“Where would I like to see CERGE-EI go in future, aside from continuing to do what it already does well? I’d like to see the local faculty take on more academic and administrative leadership, which is happening. I’d like to see it find new ways to extend its reach to other transition and developing countries, through projects like distance learning and GDN. For instance, a country like a Iraq, which was as heavily collectivized as former Czechoslovakia, could learn a great deal from our experience with the transition process. Most importantly, I’d like to see CERGE-EI continue striving for excellence in advancing economic knowledge, and imparting the ideal that even seemingly impossible goals can be attained.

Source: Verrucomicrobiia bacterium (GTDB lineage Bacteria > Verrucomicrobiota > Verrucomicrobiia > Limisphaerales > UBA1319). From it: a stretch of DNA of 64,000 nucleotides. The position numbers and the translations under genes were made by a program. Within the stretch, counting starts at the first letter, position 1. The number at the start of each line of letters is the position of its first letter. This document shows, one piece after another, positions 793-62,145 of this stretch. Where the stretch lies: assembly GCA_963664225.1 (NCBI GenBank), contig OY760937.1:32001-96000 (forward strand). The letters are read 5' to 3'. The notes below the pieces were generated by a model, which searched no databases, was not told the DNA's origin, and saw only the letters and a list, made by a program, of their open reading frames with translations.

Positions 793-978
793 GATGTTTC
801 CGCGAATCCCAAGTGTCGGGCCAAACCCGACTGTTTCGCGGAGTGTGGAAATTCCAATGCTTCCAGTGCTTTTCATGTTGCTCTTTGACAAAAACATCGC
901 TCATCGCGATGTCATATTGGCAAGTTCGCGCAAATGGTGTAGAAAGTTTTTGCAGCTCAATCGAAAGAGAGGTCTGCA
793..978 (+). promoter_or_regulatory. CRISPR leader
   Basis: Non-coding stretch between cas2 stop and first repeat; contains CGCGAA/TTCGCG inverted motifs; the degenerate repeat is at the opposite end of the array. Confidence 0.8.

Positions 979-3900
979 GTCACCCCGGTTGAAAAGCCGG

Barbara Forbes, Marketing Design and Website Project Manager, CERGE-EI